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What Is Bad Paper?

Bad paper refers to debt that is unlikely to be repaid, often due to default or delinquency. This can include overdue credit card bills, unpaid medical expenses, or defaulted loans. Such debts are risky assets, typically sold at a discount by creditors to collection agencies. Curious about how bad paper impacts the economy and your personal finances? Let's delve deeper.
Jim B.
Jim B.

Bad paper is a term used in the finance world to describe some sort of debt instrument that is at an extremely high risk of default. Such a loan is offered by the issuer, which could be a corporation or even a local or national government, without any sort of collateral. As such, bad paper is extremely risky for investors, who would have no recompense if the issuer defaults. To interest investors in these types of fixed-income instruments, issuers often have to sell them at a discount and attach interest rates higher than would be associated with secured debt.

When a company or other institution is in need of funding for conducting business or some new initiative, they often turn to investors as the source of this funding. Investors can give loans to these institutions by buying bonds or other debt instruments intended to return a fixed income in the form of interest payments. If the issuer of the debt can offer no collateral, investors are taking a huge risk should the issuer default. These types of debt instruments are known as bad paper.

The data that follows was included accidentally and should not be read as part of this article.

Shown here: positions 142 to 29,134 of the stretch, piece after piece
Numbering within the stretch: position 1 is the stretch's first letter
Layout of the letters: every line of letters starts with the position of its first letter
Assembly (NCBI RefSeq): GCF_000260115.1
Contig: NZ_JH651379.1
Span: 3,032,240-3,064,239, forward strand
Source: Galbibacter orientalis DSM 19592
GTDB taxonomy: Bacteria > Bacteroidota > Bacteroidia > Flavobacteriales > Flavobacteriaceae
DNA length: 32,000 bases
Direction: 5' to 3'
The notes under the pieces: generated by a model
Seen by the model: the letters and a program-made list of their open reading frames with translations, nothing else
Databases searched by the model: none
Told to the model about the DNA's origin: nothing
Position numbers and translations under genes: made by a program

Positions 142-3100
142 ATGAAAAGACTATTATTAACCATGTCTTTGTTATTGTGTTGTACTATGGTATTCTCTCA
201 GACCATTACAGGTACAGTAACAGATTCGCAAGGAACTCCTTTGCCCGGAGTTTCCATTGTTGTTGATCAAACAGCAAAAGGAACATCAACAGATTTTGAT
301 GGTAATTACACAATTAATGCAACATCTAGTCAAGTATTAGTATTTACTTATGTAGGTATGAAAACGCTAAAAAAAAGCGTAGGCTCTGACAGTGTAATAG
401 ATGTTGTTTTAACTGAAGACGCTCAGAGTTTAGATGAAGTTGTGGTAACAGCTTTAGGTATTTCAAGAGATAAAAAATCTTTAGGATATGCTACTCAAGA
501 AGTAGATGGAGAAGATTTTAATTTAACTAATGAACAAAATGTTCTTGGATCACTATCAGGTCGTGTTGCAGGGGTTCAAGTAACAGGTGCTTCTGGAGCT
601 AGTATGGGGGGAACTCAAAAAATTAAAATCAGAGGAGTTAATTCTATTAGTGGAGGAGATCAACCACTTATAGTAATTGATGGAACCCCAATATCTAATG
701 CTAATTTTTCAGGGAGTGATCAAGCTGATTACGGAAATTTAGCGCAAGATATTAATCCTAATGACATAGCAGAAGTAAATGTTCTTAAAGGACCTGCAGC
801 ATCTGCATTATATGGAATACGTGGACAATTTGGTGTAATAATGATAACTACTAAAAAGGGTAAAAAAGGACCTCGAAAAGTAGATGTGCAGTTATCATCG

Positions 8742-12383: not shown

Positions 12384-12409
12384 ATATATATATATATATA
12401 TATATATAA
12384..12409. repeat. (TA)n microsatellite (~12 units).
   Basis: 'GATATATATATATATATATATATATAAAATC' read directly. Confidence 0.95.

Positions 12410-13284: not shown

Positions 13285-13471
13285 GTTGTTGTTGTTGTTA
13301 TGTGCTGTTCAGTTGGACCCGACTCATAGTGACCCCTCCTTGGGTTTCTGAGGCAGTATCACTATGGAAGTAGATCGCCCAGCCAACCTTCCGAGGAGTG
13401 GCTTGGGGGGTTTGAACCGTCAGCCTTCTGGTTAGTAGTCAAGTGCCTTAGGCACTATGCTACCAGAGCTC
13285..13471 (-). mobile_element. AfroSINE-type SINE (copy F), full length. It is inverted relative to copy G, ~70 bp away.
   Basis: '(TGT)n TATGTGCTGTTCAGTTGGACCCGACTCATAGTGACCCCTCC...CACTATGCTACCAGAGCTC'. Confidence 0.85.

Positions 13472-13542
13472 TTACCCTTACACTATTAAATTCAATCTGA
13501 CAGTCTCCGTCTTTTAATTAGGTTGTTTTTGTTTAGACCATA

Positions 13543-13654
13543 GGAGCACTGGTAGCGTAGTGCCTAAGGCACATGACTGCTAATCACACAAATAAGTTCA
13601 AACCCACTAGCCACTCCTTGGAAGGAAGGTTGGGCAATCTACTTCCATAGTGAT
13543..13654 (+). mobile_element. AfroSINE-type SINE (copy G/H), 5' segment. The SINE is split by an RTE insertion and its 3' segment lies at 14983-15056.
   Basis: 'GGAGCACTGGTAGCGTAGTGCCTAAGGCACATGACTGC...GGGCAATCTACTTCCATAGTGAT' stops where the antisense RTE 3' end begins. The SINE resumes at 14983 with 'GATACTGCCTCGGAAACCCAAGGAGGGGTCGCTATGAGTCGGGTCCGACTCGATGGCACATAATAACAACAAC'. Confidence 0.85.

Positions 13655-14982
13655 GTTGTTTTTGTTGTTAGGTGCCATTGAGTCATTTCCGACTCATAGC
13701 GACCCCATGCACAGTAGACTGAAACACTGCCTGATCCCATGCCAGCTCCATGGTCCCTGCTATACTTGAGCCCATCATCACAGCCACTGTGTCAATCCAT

Man climbing a rope
Man climbing a rope

Investors who are looking for high rewards from the money that they invest might be tempted to take a chance on bad paper. In part, this is because these investments are usually purchased at a discount to other similar instruments. In addition, the issuers might have to raise the interest rates to lure investors and raise the necessary finding.

There are serious drawbacks attached to investing in bad paper. The distinguishing characteristic of such instruments is that there is no collateral backing them. That essentially makes them unsecured loans, which means that investors have to hope that the issuers will fulfill their debt obligations. If that doesn’t occur, there is nothing that investors can do to recover the capital that they originally invested. As a result, the potentially high rewards are accompanied by risks that might outweigh those rewards.

Most bad paper issuances are done by corporations that are at a high risk of default. For that reason, these companies are generally saddled with poor credit ratings by the agencies in charge of monitoring them. Investors can thus be clued into the possibility that the investment might be significantly risky by the presence of a low rating. The worst of these debt instruments can do extreme damage not only to individual investors but also to entire economies.

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